It’s also possible that commissioners may discuss further another item of recent controversy, the Arkansas Republican Party’s questions about County Clerk Terri Hollingsworth’s handling of absentee ballot applications. Hollingsworth, a Democrat, has said the law is being followed in checking voter signatures on file against applications.
Hollingsworth has received queries from Election Commissioner Kristi Stahr, two members of the Pulaski County Republican Committee and from Republican Party Chair Doyle Webb, who said he’d received unspecified allegations of mishandling of applications. Hollingsworth said she viewed this as part of Republican Party vote suppression efforts in heavily Democratic Pulaski County. Republicans have received under FOI all applications for absentee ballots with apparent plans to compare them against the electronic voter files. It sounds like a challenge is in the offing for the expected surge of absentee ballots. On election day, signatures on ballots are compared with signatures on applications for ballots before counting.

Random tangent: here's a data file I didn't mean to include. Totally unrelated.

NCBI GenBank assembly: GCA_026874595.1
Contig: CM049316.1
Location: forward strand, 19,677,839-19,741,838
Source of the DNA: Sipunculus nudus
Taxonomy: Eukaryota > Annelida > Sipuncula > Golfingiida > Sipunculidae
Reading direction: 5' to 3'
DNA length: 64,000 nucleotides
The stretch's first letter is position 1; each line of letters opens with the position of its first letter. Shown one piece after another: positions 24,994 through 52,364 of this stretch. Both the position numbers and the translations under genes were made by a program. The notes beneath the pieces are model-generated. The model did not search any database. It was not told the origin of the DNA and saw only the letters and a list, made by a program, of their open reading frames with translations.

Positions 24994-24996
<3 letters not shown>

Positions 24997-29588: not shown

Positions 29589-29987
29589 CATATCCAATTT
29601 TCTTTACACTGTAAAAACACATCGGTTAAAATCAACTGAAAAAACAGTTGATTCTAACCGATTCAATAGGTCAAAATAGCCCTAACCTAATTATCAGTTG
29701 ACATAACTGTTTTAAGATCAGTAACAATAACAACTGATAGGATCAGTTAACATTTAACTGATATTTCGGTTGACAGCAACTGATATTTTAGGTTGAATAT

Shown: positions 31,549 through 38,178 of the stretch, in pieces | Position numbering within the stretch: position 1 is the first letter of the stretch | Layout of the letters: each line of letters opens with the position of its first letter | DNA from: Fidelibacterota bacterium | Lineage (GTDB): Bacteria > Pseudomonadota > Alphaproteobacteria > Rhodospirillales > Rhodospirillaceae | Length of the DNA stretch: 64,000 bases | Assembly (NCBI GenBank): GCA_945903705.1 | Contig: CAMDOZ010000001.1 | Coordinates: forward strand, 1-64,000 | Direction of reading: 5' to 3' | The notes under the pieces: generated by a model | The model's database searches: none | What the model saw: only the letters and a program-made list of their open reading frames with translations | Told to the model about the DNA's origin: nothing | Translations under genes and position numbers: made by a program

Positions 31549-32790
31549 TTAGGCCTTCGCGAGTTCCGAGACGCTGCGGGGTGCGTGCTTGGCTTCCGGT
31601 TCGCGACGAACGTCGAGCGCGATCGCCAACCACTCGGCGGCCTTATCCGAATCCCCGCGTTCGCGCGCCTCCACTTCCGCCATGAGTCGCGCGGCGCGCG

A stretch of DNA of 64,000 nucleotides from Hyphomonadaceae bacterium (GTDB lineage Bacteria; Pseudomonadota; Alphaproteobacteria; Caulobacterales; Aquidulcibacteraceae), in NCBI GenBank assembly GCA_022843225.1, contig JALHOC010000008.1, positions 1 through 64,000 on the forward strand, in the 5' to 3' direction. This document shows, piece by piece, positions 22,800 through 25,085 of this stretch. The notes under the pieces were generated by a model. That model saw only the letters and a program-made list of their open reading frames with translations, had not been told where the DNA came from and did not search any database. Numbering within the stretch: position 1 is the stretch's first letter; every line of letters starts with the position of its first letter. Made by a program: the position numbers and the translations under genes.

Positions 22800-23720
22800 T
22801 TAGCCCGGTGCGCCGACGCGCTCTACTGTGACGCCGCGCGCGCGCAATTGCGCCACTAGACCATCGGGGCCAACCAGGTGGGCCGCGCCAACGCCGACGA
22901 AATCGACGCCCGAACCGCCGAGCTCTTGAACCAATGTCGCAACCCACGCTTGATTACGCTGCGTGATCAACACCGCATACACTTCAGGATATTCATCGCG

If I know the Republican Party, I can guess some of the neighborhoods of voters that will be targeted for challenges.
With help from the U.S. Supreme Court, past restrictions on voter intimidation squads have been lifted and the Republican Party nationally is expected to move aggressively to reinstitute these practices in Democratic strongholds like Pulaski. Why bother in blood-red Arkansas? Because they can.